What are the biggest misunderstandings about movies
TV Horror Guide (May 21-27, 21)
The history of horror films is a story full of misunderstandings. Who knew better than Drew Barrymore in SCREAM, who believed Jason Vorhees killed all the teenagers in FRIDAY THE 13TH and paid with his life for their ignorance.
The chances are good that it won't get that far for you, but we still want to prevent you from having a skip in the next discussion and to clear up some popular misunderstandings that have grown up around horror films and the trappings.
TV stations cut short all horror films at random
Not correct. Like retailers, TV broadcasters are bound by laws. It is true that in individual cases it cannot be ruled out that a broadcaster may run an already shortened version, e.g. because it fits very well into the program, but common sense tells us that Pro 7, Tele5 and the like have no personal interest in censorship measures.
The fact is that no films from FSK12 onwards are allowed to be shown before 8 p.m., none from FSK 16 before 10 p.m. and no films from 18 onwards before 11 p.m. ... unless they are shortened.
Conversely, it also means that there is no reason to cut a strip “from 6 p.m.” after 11 p.m.
This is Cutter, the guy who cuts all of your favorite films on TV ... just because he feels like it
Actors and directors are filthy rich and their lives are made of glamor
If you're George Clooney or “The Rock” Johnson, that's true and you can certainly earn quite well in the German A-tier too. But just as not every football player gets the salary of a Ronaldo, not every county class actor has a money bank either. Apparently only 2% of all actors can make a living from acting.
If you are in the indie sector, it is even more difficult and horror films in particular are rarely big budget works anyway.
Some work is done without a fee, and even if some supposedly established "stars" pretend that the next star on the walk on fame is reserved for them, they still live in their mother's back room at an advanced age, have normal jobs or are on Hartz 4 instructed. On the other hand, that speaks for a lot of idealism, but unfortunately not for glamor.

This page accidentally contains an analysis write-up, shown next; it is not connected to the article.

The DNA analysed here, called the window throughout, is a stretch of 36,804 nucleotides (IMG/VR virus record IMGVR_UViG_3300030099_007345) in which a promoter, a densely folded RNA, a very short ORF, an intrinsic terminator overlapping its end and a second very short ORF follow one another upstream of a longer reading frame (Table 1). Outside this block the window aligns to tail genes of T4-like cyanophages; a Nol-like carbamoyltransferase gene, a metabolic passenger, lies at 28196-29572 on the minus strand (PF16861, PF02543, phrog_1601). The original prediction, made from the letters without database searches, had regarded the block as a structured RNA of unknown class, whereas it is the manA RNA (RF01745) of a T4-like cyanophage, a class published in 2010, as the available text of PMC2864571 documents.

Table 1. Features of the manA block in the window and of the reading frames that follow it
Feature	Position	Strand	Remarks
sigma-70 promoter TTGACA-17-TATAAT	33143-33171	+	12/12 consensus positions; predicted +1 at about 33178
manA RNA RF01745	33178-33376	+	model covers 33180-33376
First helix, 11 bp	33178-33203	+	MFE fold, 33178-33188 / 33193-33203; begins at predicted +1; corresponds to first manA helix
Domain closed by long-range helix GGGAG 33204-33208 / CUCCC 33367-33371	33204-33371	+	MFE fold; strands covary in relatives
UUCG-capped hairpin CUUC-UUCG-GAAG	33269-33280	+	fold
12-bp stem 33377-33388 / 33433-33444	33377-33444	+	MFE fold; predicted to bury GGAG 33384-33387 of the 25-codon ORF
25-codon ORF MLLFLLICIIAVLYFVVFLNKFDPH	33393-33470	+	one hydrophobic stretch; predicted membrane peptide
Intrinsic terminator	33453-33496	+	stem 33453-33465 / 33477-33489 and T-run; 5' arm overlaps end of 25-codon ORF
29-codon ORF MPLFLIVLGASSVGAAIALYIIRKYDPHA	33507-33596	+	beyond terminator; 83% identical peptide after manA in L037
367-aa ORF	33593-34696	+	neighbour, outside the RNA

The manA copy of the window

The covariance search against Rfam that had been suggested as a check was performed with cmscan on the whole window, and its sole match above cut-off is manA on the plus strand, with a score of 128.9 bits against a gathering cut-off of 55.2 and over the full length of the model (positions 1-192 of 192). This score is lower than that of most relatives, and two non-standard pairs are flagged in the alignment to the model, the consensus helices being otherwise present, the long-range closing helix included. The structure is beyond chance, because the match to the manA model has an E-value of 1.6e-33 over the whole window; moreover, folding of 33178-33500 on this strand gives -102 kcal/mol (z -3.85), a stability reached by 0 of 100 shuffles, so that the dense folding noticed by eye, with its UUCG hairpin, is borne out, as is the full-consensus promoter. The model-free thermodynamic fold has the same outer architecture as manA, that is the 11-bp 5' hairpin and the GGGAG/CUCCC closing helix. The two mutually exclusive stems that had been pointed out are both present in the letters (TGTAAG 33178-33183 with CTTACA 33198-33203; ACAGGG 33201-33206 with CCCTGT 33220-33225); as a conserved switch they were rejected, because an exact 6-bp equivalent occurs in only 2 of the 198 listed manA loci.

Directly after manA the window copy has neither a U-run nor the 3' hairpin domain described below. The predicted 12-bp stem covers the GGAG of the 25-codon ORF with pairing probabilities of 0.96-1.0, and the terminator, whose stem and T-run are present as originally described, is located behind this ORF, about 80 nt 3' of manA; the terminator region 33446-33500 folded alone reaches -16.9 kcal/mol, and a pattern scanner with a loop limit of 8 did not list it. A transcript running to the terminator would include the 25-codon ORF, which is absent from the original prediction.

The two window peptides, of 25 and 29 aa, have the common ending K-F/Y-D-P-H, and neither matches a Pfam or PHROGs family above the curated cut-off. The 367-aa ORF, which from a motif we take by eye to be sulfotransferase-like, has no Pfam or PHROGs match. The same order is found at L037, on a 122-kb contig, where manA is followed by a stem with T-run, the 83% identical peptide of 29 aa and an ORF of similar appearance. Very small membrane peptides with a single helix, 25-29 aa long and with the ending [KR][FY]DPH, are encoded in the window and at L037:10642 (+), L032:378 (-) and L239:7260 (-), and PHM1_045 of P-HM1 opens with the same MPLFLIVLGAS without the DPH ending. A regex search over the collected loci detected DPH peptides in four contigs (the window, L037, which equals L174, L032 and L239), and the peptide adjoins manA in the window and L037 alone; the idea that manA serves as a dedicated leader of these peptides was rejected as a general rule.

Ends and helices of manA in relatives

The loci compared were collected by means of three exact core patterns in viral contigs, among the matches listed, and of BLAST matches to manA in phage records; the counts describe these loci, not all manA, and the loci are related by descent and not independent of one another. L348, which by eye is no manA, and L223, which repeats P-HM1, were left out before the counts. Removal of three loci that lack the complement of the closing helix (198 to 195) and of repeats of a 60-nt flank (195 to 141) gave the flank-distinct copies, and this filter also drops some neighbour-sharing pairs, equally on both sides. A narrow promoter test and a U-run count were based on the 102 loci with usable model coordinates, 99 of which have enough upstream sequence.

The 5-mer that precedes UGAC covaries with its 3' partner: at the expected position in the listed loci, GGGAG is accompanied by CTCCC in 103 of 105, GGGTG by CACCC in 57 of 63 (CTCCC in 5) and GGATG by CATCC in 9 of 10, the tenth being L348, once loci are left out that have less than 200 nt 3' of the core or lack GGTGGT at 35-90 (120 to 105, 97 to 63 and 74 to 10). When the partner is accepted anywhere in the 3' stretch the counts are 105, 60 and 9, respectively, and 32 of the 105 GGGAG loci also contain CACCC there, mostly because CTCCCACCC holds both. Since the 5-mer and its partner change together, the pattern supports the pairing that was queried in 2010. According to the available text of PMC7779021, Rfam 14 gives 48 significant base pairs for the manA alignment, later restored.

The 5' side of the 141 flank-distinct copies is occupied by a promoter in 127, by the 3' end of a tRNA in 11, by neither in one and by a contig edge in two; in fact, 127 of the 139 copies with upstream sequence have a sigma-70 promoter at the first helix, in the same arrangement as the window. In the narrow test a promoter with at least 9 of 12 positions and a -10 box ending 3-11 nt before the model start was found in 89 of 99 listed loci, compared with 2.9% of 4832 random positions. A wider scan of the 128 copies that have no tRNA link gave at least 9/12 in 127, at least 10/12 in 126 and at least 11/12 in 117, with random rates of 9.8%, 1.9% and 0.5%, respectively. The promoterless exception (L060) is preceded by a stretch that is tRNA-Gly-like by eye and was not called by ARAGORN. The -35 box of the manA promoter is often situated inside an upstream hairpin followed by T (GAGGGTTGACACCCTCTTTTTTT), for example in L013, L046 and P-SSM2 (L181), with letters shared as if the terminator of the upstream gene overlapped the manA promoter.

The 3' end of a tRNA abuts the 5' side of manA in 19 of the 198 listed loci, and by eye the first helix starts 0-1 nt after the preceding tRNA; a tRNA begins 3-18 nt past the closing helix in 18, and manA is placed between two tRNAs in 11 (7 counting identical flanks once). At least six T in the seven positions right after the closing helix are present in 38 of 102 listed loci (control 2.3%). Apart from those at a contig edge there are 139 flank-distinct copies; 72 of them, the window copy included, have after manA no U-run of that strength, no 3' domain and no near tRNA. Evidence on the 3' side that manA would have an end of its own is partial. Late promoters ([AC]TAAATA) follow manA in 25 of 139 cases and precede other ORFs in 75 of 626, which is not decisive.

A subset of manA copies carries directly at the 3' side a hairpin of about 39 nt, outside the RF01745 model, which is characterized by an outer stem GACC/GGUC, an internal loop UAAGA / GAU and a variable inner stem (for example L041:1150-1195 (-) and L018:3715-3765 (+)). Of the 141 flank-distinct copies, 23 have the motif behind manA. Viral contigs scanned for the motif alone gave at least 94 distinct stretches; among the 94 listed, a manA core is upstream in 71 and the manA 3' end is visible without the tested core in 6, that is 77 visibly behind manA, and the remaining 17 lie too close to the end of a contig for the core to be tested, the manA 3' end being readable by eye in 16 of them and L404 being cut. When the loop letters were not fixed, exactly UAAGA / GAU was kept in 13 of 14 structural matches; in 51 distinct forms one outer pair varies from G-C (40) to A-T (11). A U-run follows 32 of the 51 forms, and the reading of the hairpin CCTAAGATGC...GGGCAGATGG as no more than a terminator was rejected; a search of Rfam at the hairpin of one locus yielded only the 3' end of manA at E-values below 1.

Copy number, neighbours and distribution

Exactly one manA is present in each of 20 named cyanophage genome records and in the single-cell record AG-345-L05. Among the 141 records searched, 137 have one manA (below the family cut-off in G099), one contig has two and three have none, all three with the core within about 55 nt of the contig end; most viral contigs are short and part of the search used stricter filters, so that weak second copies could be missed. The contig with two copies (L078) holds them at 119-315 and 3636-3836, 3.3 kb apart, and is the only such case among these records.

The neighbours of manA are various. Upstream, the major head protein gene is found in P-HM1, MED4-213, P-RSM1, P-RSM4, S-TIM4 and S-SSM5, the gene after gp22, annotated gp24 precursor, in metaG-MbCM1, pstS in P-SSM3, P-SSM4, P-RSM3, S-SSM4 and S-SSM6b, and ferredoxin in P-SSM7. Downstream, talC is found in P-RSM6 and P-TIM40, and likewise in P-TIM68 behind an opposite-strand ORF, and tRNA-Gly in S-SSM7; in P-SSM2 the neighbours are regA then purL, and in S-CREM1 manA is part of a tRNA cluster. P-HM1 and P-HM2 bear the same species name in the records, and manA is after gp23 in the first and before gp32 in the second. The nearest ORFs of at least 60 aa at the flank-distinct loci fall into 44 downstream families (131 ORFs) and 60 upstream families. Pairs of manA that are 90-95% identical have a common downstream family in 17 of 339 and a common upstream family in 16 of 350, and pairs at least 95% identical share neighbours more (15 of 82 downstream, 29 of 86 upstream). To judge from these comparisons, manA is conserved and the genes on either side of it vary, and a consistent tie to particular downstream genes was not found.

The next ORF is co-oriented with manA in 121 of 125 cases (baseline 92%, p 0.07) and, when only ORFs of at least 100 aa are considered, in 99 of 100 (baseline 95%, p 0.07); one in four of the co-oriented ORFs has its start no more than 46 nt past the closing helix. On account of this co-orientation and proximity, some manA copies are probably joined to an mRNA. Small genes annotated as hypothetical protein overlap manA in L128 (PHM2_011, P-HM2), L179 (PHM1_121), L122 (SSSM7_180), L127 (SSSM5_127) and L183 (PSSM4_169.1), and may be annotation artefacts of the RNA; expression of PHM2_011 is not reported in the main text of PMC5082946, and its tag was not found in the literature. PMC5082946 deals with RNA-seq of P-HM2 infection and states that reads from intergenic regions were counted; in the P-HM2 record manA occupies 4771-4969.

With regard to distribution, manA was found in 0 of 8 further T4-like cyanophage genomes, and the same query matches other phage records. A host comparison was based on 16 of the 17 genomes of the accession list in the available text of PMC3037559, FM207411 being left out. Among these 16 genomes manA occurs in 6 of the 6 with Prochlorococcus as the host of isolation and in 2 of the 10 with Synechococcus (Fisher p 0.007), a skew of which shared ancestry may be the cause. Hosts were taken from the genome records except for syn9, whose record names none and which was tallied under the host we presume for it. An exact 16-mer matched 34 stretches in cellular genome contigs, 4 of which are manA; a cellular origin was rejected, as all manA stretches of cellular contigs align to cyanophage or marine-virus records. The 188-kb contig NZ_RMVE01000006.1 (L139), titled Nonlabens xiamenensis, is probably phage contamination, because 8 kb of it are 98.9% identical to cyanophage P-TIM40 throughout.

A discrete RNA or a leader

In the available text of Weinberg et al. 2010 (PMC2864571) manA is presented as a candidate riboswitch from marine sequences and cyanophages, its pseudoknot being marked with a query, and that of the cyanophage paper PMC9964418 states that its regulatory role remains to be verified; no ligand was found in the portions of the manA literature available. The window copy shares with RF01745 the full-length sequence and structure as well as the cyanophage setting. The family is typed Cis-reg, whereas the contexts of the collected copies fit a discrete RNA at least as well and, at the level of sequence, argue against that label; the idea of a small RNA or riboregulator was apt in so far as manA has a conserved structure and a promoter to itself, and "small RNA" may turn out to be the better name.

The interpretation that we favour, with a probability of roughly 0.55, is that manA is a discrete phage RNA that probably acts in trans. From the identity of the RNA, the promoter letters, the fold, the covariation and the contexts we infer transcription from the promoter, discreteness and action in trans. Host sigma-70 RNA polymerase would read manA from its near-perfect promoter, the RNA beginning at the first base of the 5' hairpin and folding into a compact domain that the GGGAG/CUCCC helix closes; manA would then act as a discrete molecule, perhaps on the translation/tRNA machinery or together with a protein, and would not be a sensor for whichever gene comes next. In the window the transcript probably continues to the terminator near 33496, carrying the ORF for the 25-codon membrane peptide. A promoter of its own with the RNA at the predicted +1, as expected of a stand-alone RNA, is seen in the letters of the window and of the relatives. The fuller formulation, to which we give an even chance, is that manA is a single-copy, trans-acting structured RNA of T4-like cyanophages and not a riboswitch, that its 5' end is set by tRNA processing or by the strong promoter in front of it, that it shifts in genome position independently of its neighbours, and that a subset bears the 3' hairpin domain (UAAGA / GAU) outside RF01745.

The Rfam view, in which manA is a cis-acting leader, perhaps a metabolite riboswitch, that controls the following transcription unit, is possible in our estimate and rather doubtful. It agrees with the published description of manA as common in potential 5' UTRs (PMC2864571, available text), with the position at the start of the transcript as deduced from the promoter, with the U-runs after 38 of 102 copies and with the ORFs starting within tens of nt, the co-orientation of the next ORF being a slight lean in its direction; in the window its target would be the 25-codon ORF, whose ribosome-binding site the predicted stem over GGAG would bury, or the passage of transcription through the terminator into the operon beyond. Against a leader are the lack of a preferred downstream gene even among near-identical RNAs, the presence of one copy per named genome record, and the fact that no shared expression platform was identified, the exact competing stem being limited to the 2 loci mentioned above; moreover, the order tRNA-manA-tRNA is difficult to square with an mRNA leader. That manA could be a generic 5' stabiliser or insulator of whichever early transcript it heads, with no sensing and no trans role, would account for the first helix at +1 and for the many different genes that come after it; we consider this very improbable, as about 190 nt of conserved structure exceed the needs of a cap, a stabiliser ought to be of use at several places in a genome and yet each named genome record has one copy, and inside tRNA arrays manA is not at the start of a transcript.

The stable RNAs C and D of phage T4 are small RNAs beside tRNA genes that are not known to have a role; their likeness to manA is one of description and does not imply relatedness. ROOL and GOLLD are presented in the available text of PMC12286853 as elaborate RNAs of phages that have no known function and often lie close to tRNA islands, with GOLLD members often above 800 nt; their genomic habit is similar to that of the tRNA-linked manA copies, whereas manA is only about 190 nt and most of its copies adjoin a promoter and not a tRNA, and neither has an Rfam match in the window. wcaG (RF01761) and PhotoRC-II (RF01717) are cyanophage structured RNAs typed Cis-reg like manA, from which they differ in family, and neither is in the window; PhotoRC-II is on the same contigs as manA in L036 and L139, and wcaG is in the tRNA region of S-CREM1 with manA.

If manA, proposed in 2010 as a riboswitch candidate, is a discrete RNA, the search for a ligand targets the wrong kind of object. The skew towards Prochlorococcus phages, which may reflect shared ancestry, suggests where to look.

BLAIR WITCH is the remake of BLAIR WITCH PROJECT
There has never been a remake of BLAIR WITCH PROJECT and none is planned. After BLAIR WITCH PROJECT from 1999, BLAIR WITCH 2 followed just one year later and BLAIR WITCH in 2016.
It's not just the numbering that can get confusing. Since in BLAIR WITCH the background of the witch is enumerated again for all those who do not know the original and otherwise you do not shine with fresh ideas, the suspicion is that this is a pure remake.
On the other hand, it is made clear in the film that the main character is looking for his sister, who disappeared 20 years ago, namely in BLAIR WITCH PROJECT.
The actual second part, i.e. BLAIR WITCH 2, is left out.
There are forbidden films!
Put simply: wrong. At least not when we're talking about regular horror films (and not child porn, for example). The worst that can happen to a film is usually a confiscation and this means that the film can no longer be sold. Anyone who has a copy at home can keep it and continue to view it in private.
Never “forbidden”, but “confiscated” for a long time, now “from 16”: DANCE OF THE DEVIL
There is a remake for CARRIE